The Stories Behind some of Irvine's Place Names.
Irvine was designed to be the quintessential, master-planned city, with careful attention paid to every little detail. So it's not surprising that even its major streets and parks were given their names for a reason.
Before there was a city of Irvine, there was Culver Road, which ran past Fred Culver's home. Culver was one of the most successful tenant farmers on the Irvine Ranch in 1902. His home, called "Culver's Corner" was located where the present day 5 Freeway intersects with Culver Dr. Fred and his wife Mabel's home was a local landmark. A newspaper article in 1910 called it an elegant house "filled with all the modern conveniences," including "acetylene gas lighting and a furnace that heats the home throughout."
George Jeffrey (left) at Ortega Highway
Jeffrey Road....Jeffrey Open Space Trail....Jeffrey Trail Middle School...The name goes back over a century ago, to Irvine’s agricultural heritage. In 1897, a scottish immigrant named George Jeffrey leased one of the earliest lima bean farms on the Irvine Ranch. Later, he went on to plant citrus and site of the original Jeffrey orange groves is now a housing development on Irvine Center Drive, appropriately named “Orangetree.” Jeffery Road got its name because, like Culver Drive, it was typical to name the roads after the farmer who’s land was nearby.
It’s only fitting that George Jeffrey should have a major local road named for him. The universally-liked farmer went on to represent the 5th district on the Orange County Board of Supervisors in 1922, and oversaw the paving of the roads.
Mason Regional Park
Irvine Company President William Mason (seated center) at Irvine Incoporation in 1971
Mason Regional Park is named for William Mason, President of the Irvine Company from 1966 - 1973. Mason was one of the group of young executives hired by the Irvine Co. in the early 1960's to help with the transition from agricultural operation to master-planned community. Along with Ray Watson, who focused on urban planning, Bill Mason handled the engineering and infrastructure challenges of the young city.
The park, originally named University Park reflecting nearby U.C. Irvine, was renamed after William R. Mason, who served as President of the Irvine Company until his untimely death in 1973. The Board of Supervisors changed the name of the park from University Regional Park to William R. Mason Regional Park in recognition of the impact his direction had and will continue to have on Orange County, not the least of which was the donation by the Irvine Company of land for this park. The first phase of the park, forty-five acres, opened to public use in 1973. A 50-acre second phase was completed in 1978. The second phase of development included a 9.2 acre lake which has proven to be a very popular attraction for park visitors.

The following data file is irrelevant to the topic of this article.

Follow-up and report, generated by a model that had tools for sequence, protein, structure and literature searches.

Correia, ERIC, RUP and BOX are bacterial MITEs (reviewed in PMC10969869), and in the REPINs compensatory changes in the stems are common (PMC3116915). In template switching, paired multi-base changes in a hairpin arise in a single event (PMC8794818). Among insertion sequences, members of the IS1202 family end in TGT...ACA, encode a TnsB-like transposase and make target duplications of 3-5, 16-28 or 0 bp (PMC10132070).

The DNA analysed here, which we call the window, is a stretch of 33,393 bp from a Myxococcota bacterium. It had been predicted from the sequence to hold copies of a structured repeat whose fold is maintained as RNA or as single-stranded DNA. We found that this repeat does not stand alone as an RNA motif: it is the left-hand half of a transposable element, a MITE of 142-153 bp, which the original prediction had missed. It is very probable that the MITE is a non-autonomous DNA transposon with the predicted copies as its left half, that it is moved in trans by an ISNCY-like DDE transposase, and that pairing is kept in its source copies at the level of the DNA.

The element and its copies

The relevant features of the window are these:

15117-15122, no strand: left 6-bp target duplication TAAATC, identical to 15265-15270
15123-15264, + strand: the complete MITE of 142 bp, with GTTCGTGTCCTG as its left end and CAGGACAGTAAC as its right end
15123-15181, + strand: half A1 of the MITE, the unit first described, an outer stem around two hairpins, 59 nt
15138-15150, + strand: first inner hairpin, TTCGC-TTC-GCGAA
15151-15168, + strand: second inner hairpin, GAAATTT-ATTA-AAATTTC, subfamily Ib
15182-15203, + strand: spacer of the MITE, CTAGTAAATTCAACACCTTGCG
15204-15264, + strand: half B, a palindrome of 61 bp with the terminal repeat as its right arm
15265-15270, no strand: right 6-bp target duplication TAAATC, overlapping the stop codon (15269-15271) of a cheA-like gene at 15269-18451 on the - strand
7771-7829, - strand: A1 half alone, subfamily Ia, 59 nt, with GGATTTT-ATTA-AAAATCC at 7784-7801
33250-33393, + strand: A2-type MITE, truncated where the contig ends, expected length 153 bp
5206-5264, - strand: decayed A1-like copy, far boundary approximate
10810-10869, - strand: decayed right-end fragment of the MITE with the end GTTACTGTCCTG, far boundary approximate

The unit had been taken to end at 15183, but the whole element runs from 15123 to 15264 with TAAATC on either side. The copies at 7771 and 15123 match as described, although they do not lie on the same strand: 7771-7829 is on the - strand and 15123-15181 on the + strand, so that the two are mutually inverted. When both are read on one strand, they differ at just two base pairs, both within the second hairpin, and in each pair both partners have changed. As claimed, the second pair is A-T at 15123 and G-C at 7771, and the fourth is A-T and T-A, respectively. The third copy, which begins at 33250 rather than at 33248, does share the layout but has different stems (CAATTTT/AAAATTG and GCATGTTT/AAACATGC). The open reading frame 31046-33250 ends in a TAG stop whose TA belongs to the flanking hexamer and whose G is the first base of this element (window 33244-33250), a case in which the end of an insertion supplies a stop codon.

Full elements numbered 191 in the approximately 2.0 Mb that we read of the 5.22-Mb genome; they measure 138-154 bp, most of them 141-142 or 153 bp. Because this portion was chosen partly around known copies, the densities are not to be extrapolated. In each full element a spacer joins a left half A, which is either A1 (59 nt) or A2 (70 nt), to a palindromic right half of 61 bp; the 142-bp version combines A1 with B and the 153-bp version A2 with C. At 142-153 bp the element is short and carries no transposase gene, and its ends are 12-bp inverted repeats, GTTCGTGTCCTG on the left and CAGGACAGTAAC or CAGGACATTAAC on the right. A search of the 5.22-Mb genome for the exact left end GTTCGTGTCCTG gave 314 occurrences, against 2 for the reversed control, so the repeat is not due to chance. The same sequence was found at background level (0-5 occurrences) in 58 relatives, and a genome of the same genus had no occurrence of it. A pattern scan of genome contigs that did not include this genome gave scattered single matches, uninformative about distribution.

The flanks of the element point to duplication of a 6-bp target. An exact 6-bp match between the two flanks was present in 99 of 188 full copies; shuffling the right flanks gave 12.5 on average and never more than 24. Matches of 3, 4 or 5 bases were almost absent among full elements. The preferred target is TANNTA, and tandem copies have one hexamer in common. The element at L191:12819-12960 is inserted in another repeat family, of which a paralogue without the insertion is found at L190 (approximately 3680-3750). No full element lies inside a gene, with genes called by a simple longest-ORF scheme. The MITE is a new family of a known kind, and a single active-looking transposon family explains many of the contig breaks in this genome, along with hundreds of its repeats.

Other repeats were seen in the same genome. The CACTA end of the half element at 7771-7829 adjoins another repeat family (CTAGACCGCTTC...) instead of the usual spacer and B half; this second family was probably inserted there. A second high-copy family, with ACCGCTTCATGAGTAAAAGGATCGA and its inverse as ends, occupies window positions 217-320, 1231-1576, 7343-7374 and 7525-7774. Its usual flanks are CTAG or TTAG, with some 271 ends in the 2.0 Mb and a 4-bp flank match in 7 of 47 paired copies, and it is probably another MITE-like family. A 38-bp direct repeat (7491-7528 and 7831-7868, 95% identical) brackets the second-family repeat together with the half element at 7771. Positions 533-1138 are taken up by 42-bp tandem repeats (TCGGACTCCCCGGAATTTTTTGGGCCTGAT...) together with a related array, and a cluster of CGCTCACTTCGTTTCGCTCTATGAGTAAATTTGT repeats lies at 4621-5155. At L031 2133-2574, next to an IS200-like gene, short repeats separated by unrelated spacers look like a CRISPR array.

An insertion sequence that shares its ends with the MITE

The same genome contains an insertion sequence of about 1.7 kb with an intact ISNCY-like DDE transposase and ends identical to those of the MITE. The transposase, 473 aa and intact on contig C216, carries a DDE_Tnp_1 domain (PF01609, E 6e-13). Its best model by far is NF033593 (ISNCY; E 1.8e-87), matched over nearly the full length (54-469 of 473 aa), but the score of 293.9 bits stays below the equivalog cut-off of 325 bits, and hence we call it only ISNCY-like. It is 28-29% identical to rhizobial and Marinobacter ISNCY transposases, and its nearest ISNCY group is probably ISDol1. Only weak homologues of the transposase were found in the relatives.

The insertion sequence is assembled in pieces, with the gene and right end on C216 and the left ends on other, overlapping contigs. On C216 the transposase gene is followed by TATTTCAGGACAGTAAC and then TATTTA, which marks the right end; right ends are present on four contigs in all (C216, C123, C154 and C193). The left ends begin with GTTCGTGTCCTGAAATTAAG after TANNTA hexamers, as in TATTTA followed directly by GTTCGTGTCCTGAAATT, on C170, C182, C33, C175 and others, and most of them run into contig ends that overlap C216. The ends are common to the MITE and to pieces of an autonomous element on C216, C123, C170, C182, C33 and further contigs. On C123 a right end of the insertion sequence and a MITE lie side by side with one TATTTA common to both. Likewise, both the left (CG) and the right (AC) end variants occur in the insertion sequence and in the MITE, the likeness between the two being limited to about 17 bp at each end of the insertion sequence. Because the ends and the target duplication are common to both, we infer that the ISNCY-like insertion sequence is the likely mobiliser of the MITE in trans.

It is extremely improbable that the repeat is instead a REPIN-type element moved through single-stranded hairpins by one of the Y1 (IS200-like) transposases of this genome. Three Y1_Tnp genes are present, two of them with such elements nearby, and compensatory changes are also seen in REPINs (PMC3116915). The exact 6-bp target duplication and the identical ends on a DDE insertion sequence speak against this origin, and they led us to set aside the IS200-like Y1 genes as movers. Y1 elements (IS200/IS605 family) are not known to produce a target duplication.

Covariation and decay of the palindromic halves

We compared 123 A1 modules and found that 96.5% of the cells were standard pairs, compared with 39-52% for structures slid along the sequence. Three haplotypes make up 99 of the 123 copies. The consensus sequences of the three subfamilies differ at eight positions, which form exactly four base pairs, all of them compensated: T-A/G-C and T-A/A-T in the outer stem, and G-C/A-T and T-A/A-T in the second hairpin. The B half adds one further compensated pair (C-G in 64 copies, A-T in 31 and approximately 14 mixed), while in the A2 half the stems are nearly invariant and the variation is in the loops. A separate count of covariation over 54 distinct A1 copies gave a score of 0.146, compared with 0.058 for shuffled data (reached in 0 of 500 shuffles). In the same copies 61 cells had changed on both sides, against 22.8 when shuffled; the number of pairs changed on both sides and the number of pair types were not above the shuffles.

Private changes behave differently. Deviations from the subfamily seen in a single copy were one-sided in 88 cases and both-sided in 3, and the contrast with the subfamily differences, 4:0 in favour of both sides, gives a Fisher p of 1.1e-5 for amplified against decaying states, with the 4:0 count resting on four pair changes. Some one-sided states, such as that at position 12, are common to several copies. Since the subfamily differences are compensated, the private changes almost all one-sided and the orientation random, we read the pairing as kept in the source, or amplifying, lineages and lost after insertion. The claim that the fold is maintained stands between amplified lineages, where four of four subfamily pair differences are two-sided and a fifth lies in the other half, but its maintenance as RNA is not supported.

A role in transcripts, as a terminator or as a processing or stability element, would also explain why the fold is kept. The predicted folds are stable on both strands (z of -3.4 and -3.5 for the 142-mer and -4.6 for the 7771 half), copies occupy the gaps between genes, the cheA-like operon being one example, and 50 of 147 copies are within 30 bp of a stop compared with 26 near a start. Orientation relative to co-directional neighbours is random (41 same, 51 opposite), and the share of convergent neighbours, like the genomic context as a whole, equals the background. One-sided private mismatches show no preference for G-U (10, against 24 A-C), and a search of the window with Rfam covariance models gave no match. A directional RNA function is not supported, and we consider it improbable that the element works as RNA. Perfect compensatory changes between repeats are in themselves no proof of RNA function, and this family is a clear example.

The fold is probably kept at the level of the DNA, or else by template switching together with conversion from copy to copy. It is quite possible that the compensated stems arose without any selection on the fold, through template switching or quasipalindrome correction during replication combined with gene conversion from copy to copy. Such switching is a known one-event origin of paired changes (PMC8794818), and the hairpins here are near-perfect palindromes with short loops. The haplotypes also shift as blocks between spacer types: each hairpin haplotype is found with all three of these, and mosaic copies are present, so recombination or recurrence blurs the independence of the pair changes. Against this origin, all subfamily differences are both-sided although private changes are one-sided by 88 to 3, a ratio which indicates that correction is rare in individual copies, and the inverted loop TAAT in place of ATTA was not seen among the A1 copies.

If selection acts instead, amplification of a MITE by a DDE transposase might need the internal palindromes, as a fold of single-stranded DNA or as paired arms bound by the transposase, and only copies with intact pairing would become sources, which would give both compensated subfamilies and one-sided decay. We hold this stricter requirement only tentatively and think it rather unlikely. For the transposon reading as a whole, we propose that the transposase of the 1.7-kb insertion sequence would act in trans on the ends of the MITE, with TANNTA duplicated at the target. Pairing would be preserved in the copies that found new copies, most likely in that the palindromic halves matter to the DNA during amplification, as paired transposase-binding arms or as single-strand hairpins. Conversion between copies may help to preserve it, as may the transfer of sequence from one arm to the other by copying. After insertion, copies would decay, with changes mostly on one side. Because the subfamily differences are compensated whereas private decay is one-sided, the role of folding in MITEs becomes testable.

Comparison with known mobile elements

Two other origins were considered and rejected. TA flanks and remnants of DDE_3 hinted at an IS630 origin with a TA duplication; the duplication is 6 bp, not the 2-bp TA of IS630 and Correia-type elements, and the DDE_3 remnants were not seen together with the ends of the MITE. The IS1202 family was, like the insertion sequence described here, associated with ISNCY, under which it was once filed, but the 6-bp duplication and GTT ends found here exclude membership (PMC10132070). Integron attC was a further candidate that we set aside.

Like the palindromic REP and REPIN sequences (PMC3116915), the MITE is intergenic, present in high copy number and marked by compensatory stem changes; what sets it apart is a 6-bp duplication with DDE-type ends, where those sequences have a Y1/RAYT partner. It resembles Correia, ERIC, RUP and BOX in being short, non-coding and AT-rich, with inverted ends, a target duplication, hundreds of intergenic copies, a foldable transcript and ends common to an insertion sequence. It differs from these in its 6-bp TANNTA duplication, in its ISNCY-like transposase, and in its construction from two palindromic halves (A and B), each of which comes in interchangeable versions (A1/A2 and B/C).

The Village of Walnut
The name of Walnut is prominent in the north part of Irvine. The village and the road were both named to honor the agricultural heritage of the Irvine Ranch and one of its important crops. The Irvine Ranch was famous for oranges and lima beans, but for 74 years, walnuts were a also major export. From 1893 - 1931, Orange County led the nation in the production of English Walnuts, providing one-third of the world’s supply. The Costa Mesa/ Tustin area was known as “The Walnut Capitol of the World.”
1935 was one of Irvine’s peak years for production. 7,775 tons of walnuts were produced with an income of nearly $1,700,000. Gradually, as the trees aged and the groves were not as productive, the growers decided it was no longer profitable to maintain them. The Irvine walnut industry came to an end in 1967, when the last 300 acres of trees were removed and replaced with citrus.
Boy Scout Jamboree 1953
Jamboree Road was named to commemorate the Boy Scout Jamboree, held on the Irvine Ranch in the summer of 1953. The Irvine Company cleared the land and leveled the hills in preparation for the week-long event which hosted 50,000 boy scouts from across the country. An eight-mile road. later named Jamboree, was graded to access the camp.
The Jamboree site was just north of Pacific Coast Highway between the new Jamboree Road and MacArthur Boulevard in Newport Beach. The tent city, called “Jamboree Town,” covered present day Newport Center and the East Bluff neighborhood.
All in all, the National Boy Scout Jamboree was an overwhelming success. The Irvine Company had created a city the size of Miami Beach on undeveloped ranch land. A new road had been graded with access all the way to the ocean, and the infrastructure for new development had been established. Most importantly, 51,000 boys were sent home, happy and healthy, with memories to last a lifetime.